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Looking for subwoofer for studio, JBL, presonus or Rhythmik?
Old 4 weeks ago
Here for the gear

Looking for subwoofer for studio, JBL, presonus or Rhythmik?

So I've narrowed down my choices to either he JBL LSR310s, Presonus T10 or Rhythmik L12. I initially purchased a presonus t10 that died within 3 weeks, I really enjoyed the sound of it and the ability to use a foot pedal to check the mix. I also liked that it had a variable crossover I could set at 100 or 120 if needed.

Looking up further online it appears a lot of people have had issues with these units dying. I found on amazon an extra 4 year warranty for 110$ and I'm considering repurchasing the Presonus T10 but it makes it quite pricey at that mark.

The LSR310s only cuts off at 80, and I've heard some people have issues with it being very quiet, sometimes barely noticeable alongside the mains which is not really what I want from a 200 watt sub...

The rhythmik are a bit pricier but come with a 3 year warranty, 300 watts, sealed sub, apparantly go quite low i think it was 19... they also have a variable crossover, I am pretty tempted to go with the rhythmiks but hesitant as they are not typically for music use? its also the largest at 12" even though the box is smaller.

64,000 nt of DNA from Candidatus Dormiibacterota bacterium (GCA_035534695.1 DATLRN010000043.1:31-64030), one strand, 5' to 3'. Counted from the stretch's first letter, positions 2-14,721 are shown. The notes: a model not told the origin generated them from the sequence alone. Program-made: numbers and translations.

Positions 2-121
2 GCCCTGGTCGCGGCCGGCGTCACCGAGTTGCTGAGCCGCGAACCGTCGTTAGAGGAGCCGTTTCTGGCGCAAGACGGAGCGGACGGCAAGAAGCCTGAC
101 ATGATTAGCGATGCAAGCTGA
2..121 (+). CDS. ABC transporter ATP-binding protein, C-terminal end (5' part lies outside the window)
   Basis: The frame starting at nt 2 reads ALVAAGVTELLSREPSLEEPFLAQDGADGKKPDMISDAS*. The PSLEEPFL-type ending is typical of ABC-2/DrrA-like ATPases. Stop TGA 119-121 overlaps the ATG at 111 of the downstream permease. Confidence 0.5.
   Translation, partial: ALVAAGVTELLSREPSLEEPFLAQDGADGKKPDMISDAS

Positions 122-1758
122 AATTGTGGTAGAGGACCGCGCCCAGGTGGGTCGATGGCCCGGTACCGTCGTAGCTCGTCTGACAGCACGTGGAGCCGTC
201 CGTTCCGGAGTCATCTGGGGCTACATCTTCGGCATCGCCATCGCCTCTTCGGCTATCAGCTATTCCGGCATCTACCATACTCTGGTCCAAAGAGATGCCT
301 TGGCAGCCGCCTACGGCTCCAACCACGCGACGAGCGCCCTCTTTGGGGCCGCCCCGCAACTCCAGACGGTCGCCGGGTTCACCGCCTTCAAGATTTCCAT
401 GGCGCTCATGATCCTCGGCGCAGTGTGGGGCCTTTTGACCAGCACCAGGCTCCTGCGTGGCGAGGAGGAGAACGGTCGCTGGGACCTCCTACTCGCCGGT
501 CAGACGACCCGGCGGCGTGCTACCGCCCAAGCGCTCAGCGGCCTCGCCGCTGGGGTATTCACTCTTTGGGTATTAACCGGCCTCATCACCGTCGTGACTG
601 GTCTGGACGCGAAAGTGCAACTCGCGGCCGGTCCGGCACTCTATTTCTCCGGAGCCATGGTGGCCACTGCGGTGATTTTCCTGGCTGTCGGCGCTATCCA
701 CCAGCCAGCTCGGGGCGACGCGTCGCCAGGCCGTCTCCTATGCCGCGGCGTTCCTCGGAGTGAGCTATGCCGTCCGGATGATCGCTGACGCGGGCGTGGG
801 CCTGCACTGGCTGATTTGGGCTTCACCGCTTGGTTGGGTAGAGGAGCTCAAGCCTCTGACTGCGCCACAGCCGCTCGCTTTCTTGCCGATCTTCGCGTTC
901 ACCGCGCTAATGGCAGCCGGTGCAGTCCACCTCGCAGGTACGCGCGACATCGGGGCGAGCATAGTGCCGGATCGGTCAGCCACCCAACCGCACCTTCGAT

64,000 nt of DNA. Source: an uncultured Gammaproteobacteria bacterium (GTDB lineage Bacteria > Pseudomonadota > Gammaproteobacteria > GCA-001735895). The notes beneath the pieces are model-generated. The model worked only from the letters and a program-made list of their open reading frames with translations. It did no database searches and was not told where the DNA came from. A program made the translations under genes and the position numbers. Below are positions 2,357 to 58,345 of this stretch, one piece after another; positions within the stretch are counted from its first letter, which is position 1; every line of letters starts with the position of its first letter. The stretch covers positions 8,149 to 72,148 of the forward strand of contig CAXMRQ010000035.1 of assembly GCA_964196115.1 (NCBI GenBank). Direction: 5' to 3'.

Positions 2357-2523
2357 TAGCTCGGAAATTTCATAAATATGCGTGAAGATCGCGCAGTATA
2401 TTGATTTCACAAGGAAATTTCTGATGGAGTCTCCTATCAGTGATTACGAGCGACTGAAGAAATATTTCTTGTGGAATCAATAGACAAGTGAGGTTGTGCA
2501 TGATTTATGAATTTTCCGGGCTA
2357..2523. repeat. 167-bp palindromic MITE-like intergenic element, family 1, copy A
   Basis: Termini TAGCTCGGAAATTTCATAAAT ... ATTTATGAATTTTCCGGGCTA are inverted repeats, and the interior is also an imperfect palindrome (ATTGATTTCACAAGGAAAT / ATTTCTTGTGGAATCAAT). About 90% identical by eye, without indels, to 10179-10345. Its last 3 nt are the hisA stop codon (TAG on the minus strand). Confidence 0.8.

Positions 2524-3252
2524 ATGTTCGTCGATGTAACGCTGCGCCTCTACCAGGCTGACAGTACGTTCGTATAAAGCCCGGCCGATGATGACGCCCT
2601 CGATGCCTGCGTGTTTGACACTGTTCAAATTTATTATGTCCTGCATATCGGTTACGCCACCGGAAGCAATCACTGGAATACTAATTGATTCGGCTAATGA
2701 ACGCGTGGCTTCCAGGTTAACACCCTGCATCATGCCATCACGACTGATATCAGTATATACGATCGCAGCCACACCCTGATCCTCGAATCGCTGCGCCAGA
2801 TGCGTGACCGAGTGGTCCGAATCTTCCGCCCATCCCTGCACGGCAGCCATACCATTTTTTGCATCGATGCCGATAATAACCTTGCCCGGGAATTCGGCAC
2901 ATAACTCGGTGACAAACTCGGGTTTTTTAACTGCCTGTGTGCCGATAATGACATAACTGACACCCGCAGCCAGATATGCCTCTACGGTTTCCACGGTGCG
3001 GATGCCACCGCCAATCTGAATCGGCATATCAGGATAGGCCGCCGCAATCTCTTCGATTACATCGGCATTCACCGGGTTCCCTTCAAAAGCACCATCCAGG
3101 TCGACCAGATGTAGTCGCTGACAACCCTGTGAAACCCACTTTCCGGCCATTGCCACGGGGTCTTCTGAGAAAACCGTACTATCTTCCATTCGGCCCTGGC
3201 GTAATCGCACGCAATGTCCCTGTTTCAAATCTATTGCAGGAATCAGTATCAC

any advice here? I am running mackie HR624s as my mains, I would like to monitor a 5 string bass through these so I require quite low definition and would like to take the strain off my mains. Kinda leaning towards the rhythmik as ive heard quite a lot of good things but its all on home theatre pages, can you accurately mix on them?
Old 3 weeks ago
Lives for gear
Your Mackies are reasonably flat down to 50 Hz. Crossing into a sub at 100 or 120 is wasting a lot of the money you spent on these main speakers. The 80hz crossover on the JBL sub seems to match well with your Mackies and will extend your bass down into the 30s, which should give you a clearer picture of a five string bass or a big kick.
As to the sub being quiet, the JBL has a lot of adjustment range, as do your Mackie, so matching levels should be a problem you can solve.

The most common mistake in adding a sub to studio monitors is turning the sub way up “so you can hear it”. That’s OK if you are just listening for pleasure or gaming. If you are mixing, you should set the sub up with REW or some similar program to be FLAT, not hyped. Flat may be a little disappointing, because it won’t hype the bass you already have (and your Mackies have a lot). The sub should just fill in an octave you don’t have.
Old 3 weeks ago
Lives for gear
esldude's Avatar
Rhythmik is the best choice among those I think. No experience with Presonus, but do own the JBL. It isn't bad, but the Rhythmik is better. A friend has some Rhythmiks. I don't find the JBL too quiet even in a larger room I have it in. But it doesn't go as low as the Rhythmik. And at extremes it cannot play as loudly as the Rhythmik.
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